Anyway, theos is occasionally freaky but it sounds like they at least tried for a balanced report on this one.

valdemar said...

Creationism in the UK is a 'bring it on' dogma - ordinary people will mock it, snigger at it, find it absurd without any help from atheist/humanist outfits. There are plenty of comedians who'll take pot-shots, too.

That said, AT - Dawkins doesn't make humanists look bad IMHO. He does a lot to boost our morale by being a public intellectual who isn't afraid to take on the often disgraceful and absurd claims made by religio-political pressure groups. Good for him.

George Jelliss said...

You wrote: "... the ludicrous Answers in Genesis, we (thankfully) don't have anything comparable here in the UK."

Yes we do, we have Answers in Genesis UK. Their HQ is in Leicester. They have held several conferences there over the past ten years, well attended and suppported by the local evangelical churches.

I believe Paul Taylor is now their main spokesperson, following the retirement of Monty White. He lectures at evangelical churches all over the country. He even spoke at Skeptics in the Pub.

It's true that consistency in their doctrines is not the stromg point of creationist groups, but that doesn't seem to bother them greatly. The ability to believe six impossible things simultaneously has long been recognised as a defining characteristic of religion.

Eiskrystal said...

-while many seculuar opponents of creationism paint opponents of evolution as "anti-science", this is not strictly the case, as many have an active interest in science and try to reconcile the two.-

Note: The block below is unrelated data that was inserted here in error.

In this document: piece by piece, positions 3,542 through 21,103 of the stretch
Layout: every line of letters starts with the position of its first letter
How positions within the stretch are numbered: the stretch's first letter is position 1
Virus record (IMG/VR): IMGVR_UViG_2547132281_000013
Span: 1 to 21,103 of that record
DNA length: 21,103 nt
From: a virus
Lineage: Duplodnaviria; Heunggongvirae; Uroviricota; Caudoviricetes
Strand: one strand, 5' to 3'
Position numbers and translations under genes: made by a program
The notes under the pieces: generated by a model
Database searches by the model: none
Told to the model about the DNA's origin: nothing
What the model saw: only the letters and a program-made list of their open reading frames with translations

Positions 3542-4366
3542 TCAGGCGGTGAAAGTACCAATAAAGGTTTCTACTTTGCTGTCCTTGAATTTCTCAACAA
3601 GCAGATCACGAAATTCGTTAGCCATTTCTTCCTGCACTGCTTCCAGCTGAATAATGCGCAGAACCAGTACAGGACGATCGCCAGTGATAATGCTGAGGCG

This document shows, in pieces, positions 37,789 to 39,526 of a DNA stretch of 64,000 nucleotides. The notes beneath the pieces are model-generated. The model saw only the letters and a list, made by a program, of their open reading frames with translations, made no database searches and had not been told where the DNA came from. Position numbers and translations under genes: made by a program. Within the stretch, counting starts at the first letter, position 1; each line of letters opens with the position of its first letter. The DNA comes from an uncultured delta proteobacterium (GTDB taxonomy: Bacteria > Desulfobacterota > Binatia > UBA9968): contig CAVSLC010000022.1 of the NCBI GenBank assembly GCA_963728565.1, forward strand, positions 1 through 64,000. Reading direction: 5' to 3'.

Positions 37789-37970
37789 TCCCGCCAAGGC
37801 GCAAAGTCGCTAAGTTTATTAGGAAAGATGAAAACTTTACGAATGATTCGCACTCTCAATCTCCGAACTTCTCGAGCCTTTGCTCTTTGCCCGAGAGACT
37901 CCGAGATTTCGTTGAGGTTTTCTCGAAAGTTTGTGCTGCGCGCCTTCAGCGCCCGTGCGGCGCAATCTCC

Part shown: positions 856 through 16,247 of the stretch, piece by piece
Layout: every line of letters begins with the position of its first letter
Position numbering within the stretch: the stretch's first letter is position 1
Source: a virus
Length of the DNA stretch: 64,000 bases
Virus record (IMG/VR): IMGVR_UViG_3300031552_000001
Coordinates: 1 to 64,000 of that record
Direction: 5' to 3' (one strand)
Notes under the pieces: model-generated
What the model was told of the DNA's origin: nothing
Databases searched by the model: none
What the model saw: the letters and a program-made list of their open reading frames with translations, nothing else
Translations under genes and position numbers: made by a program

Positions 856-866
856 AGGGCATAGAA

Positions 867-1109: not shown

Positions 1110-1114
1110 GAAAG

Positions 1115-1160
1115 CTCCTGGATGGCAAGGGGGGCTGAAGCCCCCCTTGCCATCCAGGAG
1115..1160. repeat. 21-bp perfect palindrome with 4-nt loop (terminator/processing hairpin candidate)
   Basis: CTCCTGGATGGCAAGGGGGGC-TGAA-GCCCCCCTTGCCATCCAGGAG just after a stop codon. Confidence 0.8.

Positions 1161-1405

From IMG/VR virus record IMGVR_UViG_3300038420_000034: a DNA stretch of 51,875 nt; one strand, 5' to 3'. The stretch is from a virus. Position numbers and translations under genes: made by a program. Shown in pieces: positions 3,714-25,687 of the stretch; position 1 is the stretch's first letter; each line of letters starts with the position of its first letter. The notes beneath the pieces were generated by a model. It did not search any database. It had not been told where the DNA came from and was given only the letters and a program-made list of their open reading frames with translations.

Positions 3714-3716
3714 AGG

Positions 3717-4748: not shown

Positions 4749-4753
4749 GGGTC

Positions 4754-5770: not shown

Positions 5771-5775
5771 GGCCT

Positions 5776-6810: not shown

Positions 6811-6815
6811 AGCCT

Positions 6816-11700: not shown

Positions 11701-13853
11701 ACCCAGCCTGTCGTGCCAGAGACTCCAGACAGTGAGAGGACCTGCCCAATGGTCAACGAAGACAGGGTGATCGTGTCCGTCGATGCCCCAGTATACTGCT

A child pulling the wings off a fly isn't necessarily showing an interest in Entomology.

Paul Sims said...

You're right George, we do have plenty of organisations like that here in the UK (Truth in Science being another ridiculous example). By nothing comparable, I meant it more in terms of funding. The organisations we have here don't appear to have millions of pounds with which to set up hi-tech creation museums. The best they can manage is this: http://www.genesisexpo.co.uk/

Which is something to be thankful for, I guess...

perpetualbebo said...

I am a Christian and I have been reading the New Humanist magazine on and off for the last couple of years now. I was homeschooled for the later part of my secondary education and that is when I came across creatonism vs evolution prior to that I was learning about the periodic table basics, but did not stay at that particular school long enough to do biology there, as I was saying the homeschool curriculum was based on fundamentalist Christian principles. the science basically mentioned that there used to be a kind of ozone layer made from ie which gave the world a uniform climate and you know the basic anti-evolution hype. Needless to say that I am not a creationist nor do I subscribe to ID because both are very bad science and even worse theology. I am not so sure about eveolution to be honest, but I do think that it being the main explanatin of biology and is in force throughout science is a good start. The Bible has two creation narratives. The Adam and Eve creation narrative as you may know was a rebuttal to the dominant narrative of the Babylonian Empire.
I just wanted to add that I think that most humanists seem to concentrate on rebutting fundamentalists and accusing Christians of being intelligently lazy, which I am not denying, but athiests are being just as lazy by not looking into other kinds of Christianity as well other than the fundamentalist variety.

perpetualbebo said...

I also wanted to add that my worldview has basically passed from one that supernaturalistic to one that is more a panenthiestic world view which simply means that no longer does God sit back and let things take their course, such as the deist or supernaturalistic worldviews do, but rather God flows through all things. What bearing this has on evil as it is currently understood from the original sin disaster or from the ancients'ingenius perspective of exposing evil through mythology is pretty important.